Recognising the dangers posed by the new faster-spreading variant of COVID-19, we note the
Scottish Government’s decision to close all places of worship from Friday 8 January 2021.* The Scottish Government believes that such measures are necessary to curtail the spread of this new strain during the roll-out of the vaccine. We appreciate the difficult choices facing the Scottish Government at this time and we have shown ourselves ready both to cooperate with and to support its efforts in protecting the common good. This has included curtailing public worship in extreme circumstances and for a limited period.
*In an updated statement (5th January 2021) – the Scottish Government has amended the notice it gave on Monday 4th January – to say that it should have said that all places of worship would be closed from 1am on Tuesday 5th January – in line with the legal requirement to Stay at Home. Today’s statement from the Scottish Government said “We apologise for the degree of inconsistency in messaging from government but hope that this clears this anomaly up.”
However, we are also perplexed by the decision, given that the stringent measures taken since last March to ensure public safety in our churches have been effective. No evidence has been forthcoming to justify the inclusion of places of worship as sources of infection. Without such scientific evidence these restrictions will appear to Catholics to be arbitrary and unfair. Moreover, a significant number of other sectors similarly restricted last March alongside public worship – such as construction, manufacturing and elite sports – have now been left free to continue in operation.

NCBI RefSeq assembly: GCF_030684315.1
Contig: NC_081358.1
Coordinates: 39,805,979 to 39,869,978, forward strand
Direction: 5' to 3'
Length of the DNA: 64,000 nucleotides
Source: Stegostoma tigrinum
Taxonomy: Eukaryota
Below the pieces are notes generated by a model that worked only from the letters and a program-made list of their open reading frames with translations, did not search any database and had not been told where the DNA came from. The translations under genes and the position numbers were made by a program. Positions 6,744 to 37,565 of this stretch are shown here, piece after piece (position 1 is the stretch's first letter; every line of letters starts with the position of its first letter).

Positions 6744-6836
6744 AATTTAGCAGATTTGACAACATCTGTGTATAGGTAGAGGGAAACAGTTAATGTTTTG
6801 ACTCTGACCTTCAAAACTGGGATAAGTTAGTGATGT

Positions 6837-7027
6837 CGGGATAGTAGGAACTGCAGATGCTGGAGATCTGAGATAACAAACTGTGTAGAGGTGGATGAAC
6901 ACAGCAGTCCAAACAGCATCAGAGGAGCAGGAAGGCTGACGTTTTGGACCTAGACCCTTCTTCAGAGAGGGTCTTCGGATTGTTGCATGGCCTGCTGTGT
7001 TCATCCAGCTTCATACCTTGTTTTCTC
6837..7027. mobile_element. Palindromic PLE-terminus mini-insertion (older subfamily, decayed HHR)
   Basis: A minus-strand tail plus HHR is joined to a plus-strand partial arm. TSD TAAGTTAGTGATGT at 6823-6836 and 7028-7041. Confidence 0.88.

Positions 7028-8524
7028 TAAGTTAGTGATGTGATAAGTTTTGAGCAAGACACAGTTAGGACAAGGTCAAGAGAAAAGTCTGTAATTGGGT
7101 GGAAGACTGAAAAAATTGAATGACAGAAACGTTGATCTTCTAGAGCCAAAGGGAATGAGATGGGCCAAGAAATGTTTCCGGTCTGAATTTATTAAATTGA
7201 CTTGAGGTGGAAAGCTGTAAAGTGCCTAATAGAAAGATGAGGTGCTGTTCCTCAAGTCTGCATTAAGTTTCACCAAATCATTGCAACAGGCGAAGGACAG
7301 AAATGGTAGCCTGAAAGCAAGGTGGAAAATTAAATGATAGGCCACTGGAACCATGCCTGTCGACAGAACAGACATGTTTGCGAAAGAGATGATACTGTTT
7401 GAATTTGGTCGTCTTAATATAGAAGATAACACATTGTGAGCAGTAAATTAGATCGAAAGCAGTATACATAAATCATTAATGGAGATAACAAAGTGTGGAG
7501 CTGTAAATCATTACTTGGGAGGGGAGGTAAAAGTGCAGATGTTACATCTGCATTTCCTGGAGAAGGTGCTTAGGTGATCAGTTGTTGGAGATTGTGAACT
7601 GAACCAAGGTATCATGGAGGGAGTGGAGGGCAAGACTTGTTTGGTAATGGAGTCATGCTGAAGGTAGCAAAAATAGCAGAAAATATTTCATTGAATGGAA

We also note that, in England, the essential contribution of public worship to the spiritual welfare of all citizens during this crisis has now been endorsed by the decision not to close places of worship while the Scottish Government has apparently retreated from this view, causing dismay and confusion
We are very aware of the disappointment these closures will cause not only to our own Catholic community, but to many of our fellow-Christians and those of other faiths in Scotland. We wish to emphasise again the spiritual, social and psychological benefits provided by continuing public worship, and we ask for these to be taken into full account in future decisions. Public worship is a human right and is a duty humanity owes to God.
More concretely, Catholics need the Eucharist and the Sacramental encounter with the LORD as necessary to their spiritual wellbeing and their ultimate salvation. While we unequivocally share the common goal of protecting public health, we urge the Scottish Government, when the present measures are reviewed later in January, to reconsider these restrictions in the light of the above concerns.